If an employee fails to fulfill any obligations to provide supporting certification, The Standard may deny continuation of leave.
6. Can the City require an employee to return to work before the end of FMLA leave?
As long as a valid reason for the leave exists, the City may not require an employee to return to work any sooner than the period specified in the Certification of Healthcare Provider Form.
1. May an employee continue health insurance benefits during FMLA leave?
During FMLA leave, single or dependent health insurance coverage, in addition to dental, life and long-term disability coverage, is maintained on the same basis as coverage would have been provided if the employee had been continuously employed during the entire leave period.
An employee must continue to pay their portion of the premium in order to retain this coverage. Employee contributions will continue to be made via payroll deduction for an employee on paid leave. A Human Resources Department Benefits staff member will forward monthly invoices for the employee contribution to an employee on unpaid leave. If an employee fails to make premium payments, he or she will lose the coverage and may not be covered for any claims, which may have occurred while on FMLA leave.
2. May an employee continue other voluntary insurance coverage during FMLA leave?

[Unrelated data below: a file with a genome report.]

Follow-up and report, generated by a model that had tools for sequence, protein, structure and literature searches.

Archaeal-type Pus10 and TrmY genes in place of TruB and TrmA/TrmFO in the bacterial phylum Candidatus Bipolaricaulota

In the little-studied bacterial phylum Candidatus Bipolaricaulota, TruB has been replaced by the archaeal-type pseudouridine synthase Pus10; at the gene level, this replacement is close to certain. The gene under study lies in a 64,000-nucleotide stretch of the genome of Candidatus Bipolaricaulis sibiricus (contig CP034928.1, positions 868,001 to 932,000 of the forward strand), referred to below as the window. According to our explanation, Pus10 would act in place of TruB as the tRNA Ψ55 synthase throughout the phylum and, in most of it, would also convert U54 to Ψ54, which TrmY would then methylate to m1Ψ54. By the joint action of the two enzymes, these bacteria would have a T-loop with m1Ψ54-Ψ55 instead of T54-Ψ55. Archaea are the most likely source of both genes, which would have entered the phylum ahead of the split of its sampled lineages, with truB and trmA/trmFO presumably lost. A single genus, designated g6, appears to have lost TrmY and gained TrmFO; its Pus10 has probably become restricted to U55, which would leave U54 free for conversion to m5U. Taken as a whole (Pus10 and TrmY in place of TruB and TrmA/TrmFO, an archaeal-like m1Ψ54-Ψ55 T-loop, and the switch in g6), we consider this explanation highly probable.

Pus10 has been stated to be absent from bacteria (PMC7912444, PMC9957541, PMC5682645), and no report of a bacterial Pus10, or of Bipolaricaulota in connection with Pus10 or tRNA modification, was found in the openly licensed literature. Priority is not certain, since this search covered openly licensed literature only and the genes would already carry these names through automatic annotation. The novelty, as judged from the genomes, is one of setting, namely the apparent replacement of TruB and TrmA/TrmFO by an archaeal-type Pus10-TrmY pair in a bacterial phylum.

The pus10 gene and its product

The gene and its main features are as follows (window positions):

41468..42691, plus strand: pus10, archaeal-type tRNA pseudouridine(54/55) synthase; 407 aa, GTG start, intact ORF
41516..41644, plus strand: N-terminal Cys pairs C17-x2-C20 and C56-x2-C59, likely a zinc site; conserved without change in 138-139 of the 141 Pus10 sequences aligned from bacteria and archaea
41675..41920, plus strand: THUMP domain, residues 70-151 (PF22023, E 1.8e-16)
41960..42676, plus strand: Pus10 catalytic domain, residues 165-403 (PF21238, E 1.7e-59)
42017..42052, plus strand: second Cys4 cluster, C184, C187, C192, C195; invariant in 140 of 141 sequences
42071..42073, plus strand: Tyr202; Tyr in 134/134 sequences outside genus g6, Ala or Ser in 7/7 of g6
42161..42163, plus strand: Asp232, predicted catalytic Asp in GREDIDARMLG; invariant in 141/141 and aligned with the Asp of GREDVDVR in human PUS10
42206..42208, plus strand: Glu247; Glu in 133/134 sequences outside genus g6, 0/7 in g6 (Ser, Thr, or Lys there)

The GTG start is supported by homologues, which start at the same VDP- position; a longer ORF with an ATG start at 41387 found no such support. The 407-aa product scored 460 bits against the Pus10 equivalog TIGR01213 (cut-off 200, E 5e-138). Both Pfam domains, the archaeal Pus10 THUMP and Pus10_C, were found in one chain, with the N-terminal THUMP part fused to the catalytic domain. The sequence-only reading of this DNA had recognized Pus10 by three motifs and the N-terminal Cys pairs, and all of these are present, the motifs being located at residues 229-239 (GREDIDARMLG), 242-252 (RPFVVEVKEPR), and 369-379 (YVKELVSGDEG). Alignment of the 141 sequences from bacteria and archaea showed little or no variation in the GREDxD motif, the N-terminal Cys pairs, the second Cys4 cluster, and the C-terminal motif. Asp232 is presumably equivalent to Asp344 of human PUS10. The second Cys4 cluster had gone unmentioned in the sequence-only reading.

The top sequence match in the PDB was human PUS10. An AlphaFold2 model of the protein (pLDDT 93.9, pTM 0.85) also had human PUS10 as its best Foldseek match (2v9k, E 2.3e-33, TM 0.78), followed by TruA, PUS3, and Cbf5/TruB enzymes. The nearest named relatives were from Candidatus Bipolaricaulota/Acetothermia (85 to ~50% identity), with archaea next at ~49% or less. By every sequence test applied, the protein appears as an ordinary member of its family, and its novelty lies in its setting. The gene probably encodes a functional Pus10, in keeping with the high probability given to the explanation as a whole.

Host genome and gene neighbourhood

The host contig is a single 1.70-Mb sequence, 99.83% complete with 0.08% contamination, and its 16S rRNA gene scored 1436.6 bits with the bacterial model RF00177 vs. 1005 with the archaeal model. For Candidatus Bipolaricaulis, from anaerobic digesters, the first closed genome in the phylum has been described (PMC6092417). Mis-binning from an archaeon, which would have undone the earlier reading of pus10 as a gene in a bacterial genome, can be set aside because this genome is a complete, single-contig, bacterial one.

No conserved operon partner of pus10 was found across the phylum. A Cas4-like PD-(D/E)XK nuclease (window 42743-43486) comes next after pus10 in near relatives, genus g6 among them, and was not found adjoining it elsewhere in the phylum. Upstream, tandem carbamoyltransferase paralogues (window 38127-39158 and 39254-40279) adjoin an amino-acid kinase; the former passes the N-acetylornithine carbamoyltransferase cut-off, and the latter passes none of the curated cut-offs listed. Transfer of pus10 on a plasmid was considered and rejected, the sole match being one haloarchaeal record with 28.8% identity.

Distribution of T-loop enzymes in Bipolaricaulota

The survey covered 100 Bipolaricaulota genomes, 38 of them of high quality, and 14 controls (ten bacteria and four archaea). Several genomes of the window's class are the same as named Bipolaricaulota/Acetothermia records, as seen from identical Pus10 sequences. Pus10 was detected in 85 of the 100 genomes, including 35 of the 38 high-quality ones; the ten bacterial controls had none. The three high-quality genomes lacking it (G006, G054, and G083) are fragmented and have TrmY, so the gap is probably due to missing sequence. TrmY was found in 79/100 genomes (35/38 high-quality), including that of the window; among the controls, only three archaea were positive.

An employee may continue all coverage, which they had prior to going on the FMLA leave, by paying the employee’s portion of the premium. This includes, but is not limited to, optional, spouse, and child life insurance and short-term and long-term disability insurance.
3. May an employee choose not to retain health insurance coverage while on FMLA leave?
An employee may choose not to retain health insurance coverage. The coverage will be reinstated upon the employee’s return to work.
4. May an employee choose not to retain other voluntary coverage while on FMLA leave?
An employee may have the coverage reinstated upon return to work, if the return to work is within the allotted 12 weeks of FMLA leave. If the leave goes beyond 12 weeks, the employee may have to reapply with evidence of good health. If an employee chooses not to retain optional coverage, they will not be covered for any claims that may have occurred while they were on leave.
5. What happens to retirement contributions when an employee takes FMLA leave?
Salary deductions for retirement will continue to be taken from an employee's pay as long as the employee is on paid leave, including sick and vacation, and comp time. For any time that is unpaid, contributions will cease, however, an employee may be able to purchase service credit.
6. What are an employee’s COBRA rights in relation to an FMLA leave?
As it relates to FMLA leave, the COBRA qualifying event is termination of employment, or the end of the leave, whichever comes first. Once the COBRA qualifying event occurs, the employee may choose to "continue" health and dental by paying the entire cost of coverage, even though the employee did not pay their share of the premium during the FMLA leave.
7. Does an employee earn sick and vacation accruals when they are on unpaid FMLA leave?
An employee only earns sick and vacation accruals when they are in paid status. In addition, an employee paid less than eighty (80) hours in a pay period due to FMLA unpaid leave will have their sick and vacation accruals prorated.
Last updated Dec 29, 2017